For Gardenhire, he has a wish-list that if realized would make significant positive improvements. He mentioned an actual sound system and better branding on the fence and in the outfield that celebrates Gopher softball. He also mentioned then need for a flagpole, because the original was never replaced when a new scoreboard was put up.
"Ideally we would have a redesign of the facility in cloverleaf with actual bathrooms and locker rooms for boys and girls as well as concessions," he said.
As close to equitable as possible
In neighboring Sandy, high school athletic director Garet Luebbert said equity was a major consideration when the Oregon Trail School District built its modern high school campus in 2012.
"Title IX has been around for a long time, but I definitely feel like school districts are more aware of it and working harder to have more equity than even 20 years ago," he said. "That's no different for our school district. When we were putting in the new facilities, that was a big point of emphasis."
Looking west to Gresham, Luebbert said: "I don't want to assume I know situations."
"I look over Barlow and talk to Dan, and the same thing with Gresham and Ty; (their) facilities have been like that for so long," he added. "Change is also tough, and it costs a lot of money. I think a lot of people are just hopeful that they can get things as close to equal as they can."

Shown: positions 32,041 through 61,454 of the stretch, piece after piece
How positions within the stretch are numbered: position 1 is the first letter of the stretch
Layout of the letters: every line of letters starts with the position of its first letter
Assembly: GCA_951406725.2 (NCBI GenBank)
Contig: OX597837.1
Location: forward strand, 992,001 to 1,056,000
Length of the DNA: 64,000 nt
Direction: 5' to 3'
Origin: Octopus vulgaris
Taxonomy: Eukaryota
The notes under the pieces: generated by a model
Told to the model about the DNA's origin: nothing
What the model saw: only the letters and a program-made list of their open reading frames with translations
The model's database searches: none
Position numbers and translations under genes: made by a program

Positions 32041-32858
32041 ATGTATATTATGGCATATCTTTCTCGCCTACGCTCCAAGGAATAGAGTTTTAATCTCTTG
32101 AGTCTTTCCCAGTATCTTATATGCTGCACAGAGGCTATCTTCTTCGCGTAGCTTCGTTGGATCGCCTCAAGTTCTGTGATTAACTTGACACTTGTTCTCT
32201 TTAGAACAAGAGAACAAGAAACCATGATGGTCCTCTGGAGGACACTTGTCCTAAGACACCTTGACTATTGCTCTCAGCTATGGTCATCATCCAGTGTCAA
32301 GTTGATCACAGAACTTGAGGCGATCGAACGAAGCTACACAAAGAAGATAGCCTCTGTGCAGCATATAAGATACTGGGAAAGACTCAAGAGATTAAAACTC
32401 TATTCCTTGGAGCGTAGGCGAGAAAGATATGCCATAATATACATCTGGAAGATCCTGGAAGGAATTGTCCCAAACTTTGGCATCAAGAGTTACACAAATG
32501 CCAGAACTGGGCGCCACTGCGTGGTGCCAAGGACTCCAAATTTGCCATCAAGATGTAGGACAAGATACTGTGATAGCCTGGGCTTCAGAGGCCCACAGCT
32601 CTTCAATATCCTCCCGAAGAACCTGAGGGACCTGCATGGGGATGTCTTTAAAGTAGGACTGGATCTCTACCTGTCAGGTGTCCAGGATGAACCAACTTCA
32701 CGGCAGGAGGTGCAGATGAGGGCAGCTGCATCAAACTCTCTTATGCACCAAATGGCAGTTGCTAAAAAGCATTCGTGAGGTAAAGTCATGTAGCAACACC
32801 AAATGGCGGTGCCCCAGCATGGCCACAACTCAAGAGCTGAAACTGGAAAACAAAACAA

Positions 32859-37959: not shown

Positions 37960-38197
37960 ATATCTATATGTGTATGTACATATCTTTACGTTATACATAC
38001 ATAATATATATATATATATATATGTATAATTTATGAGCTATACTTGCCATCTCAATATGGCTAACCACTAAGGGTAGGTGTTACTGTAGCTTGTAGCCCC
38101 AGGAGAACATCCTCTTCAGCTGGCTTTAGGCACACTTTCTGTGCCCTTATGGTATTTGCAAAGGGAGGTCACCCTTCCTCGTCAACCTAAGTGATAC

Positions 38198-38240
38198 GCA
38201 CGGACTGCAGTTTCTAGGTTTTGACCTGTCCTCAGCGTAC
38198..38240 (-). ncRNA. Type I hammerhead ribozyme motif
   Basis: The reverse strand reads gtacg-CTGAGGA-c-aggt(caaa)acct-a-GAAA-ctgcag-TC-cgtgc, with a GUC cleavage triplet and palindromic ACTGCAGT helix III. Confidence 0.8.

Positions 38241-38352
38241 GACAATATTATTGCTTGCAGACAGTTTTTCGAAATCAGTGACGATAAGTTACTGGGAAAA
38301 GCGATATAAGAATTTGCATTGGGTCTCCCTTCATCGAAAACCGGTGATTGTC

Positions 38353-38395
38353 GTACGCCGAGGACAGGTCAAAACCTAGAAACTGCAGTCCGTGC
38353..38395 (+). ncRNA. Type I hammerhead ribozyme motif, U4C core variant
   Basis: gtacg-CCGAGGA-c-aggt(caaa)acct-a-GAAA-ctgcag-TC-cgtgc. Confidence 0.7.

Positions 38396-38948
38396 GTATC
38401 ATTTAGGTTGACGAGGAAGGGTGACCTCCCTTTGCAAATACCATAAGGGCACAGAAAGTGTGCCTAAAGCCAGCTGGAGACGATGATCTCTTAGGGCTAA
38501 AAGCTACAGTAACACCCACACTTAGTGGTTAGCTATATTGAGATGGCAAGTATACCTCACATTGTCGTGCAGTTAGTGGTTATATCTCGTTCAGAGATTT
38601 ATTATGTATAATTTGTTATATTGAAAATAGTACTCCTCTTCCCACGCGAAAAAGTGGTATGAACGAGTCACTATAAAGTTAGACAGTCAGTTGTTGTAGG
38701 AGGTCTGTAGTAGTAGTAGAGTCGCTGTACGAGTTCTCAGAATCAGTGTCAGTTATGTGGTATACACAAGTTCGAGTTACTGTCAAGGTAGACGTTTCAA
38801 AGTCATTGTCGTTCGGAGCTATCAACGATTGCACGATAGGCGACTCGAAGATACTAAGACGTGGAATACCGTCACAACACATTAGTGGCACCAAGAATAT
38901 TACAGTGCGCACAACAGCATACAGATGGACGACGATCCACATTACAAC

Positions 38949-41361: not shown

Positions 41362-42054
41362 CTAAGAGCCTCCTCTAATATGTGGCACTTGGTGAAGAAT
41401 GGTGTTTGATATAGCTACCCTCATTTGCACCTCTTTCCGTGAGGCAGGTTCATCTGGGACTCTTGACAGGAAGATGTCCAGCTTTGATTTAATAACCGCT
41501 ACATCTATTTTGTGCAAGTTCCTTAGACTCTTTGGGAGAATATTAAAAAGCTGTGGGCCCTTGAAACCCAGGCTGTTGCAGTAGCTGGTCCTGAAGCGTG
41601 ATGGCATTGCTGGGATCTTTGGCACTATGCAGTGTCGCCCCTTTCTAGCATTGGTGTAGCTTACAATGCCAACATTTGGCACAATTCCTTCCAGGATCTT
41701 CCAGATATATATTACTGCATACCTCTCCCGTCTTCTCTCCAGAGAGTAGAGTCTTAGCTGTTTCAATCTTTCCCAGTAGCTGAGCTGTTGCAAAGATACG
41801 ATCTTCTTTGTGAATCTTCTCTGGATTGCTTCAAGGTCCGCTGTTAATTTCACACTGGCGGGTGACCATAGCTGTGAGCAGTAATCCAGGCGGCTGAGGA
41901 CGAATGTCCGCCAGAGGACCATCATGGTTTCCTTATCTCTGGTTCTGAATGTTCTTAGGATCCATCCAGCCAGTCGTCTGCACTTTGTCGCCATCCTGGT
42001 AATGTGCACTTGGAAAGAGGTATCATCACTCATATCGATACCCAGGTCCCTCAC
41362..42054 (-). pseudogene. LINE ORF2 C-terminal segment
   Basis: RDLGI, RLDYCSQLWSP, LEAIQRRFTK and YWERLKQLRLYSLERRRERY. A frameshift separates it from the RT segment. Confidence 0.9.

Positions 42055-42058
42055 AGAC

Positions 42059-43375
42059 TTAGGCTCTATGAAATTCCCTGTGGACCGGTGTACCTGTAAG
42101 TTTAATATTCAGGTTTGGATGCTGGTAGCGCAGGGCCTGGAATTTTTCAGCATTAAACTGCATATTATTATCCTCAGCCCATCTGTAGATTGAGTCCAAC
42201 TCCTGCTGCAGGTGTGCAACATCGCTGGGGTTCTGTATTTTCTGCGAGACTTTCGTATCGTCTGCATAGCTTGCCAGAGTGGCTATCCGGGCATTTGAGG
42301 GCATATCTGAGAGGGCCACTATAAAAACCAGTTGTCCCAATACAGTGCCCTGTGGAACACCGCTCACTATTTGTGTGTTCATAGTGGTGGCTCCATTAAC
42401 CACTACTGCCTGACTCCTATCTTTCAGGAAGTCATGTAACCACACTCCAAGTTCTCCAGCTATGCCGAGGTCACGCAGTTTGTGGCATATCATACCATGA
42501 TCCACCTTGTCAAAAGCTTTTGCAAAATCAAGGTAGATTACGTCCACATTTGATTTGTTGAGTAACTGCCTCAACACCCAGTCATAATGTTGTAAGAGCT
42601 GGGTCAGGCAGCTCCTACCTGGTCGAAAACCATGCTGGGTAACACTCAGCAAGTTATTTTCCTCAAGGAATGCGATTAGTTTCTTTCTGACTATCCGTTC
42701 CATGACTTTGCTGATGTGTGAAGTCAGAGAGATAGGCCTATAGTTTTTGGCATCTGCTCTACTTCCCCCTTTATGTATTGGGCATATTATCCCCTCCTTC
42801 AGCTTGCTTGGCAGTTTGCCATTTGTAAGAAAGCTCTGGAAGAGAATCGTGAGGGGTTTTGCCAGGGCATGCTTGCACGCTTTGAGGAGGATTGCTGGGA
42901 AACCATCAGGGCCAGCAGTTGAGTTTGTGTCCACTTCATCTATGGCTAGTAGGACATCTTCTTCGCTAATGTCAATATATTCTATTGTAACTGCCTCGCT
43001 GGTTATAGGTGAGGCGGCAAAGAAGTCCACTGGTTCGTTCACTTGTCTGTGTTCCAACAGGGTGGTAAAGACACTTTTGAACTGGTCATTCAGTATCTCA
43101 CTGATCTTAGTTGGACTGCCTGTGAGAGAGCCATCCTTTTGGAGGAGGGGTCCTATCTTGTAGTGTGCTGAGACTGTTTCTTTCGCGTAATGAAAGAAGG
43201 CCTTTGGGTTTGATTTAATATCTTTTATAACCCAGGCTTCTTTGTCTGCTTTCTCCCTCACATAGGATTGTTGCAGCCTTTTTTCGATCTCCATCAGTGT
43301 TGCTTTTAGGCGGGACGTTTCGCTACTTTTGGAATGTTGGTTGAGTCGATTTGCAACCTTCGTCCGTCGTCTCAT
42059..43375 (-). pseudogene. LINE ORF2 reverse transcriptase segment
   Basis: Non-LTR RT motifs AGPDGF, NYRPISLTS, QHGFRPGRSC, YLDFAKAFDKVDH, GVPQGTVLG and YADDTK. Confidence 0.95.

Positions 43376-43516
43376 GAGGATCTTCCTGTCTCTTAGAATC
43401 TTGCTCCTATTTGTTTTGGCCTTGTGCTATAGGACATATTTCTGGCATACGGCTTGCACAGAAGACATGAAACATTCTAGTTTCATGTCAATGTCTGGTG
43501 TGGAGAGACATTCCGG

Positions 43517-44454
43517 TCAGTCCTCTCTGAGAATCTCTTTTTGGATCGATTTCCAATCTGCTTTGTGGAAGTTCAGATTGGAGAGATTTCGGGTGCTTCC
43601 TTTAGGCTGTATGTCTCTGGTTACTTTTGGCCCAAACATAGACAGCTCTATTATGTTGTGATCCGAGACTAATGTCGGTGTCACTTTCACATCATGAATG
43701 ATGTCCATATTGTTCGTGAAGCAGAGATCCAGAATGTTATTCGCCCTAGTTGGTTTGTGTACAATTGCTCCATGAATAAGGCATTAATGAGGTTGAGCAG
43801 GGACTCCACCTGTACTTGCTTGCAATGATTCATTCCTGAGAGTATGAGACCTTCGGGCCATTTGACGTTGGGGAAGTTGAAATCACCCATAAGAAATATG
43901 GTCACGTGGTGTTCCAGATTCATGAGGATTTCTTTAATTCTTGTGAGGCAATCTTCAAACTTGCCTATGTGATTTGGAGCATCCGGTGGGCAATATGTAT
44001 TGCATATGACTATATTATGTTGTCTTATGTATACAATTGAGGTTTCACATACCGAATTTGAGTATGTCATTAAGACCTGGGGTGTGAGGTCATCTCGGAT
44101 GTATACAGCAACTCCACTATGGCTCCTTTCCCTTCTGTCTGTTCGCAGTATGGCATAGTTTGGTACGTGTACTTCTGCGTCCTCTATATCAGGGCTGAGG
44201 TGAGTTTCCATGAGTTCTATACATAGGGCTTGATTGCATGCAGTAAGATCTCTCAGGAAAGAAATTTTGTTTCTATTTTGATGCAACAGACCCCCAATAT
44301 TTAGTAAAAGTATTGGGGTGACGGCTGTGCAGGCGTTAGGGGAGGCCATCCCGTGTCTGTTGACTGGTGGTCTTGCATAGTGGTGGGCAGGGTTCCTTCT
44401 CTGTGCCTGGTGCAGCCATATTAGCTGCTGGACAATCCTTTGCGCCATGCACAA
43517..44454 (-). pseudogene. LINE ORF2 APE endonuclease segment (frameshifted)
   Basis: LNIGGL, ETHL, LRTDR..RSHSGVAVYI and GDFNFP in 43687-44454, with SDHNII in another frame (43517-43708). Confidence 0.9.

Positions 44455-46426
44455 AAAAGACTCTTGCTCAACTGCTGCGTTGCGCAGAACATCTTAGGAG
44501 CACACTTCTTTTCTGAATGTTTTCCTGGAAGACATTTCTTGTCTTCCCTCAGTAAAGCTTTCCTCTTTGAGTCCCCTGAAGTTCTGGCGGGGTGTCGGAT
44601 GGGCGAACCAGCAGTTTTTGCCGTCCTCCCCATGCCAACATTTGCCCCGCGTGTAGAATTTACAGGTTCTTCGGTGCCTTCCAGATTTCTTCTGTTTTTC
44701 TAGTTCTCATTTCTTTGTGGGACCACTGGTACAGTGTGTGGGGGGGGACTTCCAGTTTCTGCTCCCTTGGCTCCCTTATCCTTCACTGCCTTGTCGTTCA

According to the Sandy High athletics department website, "Sandy High School boasts some of the best high school athletic facilities in the state of Oregon."
The high school facilities consist of two full gyms, two baseball fields, two softball fields, removable fences from softball/baseball to convert to a second soccer field, the main stadium and field (used for football, track, soccer and recreation), and four tennis courts. All of the outdoor fields, such as baseball and softball, are located in the same area of the campus, with equal upkeep and access to ample parking.
"When we redid the facilities, our softball field was in a different location, it was actually on the other side of the grounds, and one of the big questions was 'Do we keep the softball field where it is?' 'What do we do with the track throwing area?'" Luebbert said. "And, of course, equity came into that conversation, to put us in a position to where we have what we have."
Luebbert, then a baseball coach, was actually part of the conversations around how the sports facilities were implemented. Besides those in-depth, equity-minded conversations, Luebbert said he sees maintaining a healthy middle school sports program as also key to making sports accessible and programs well-populated into high school.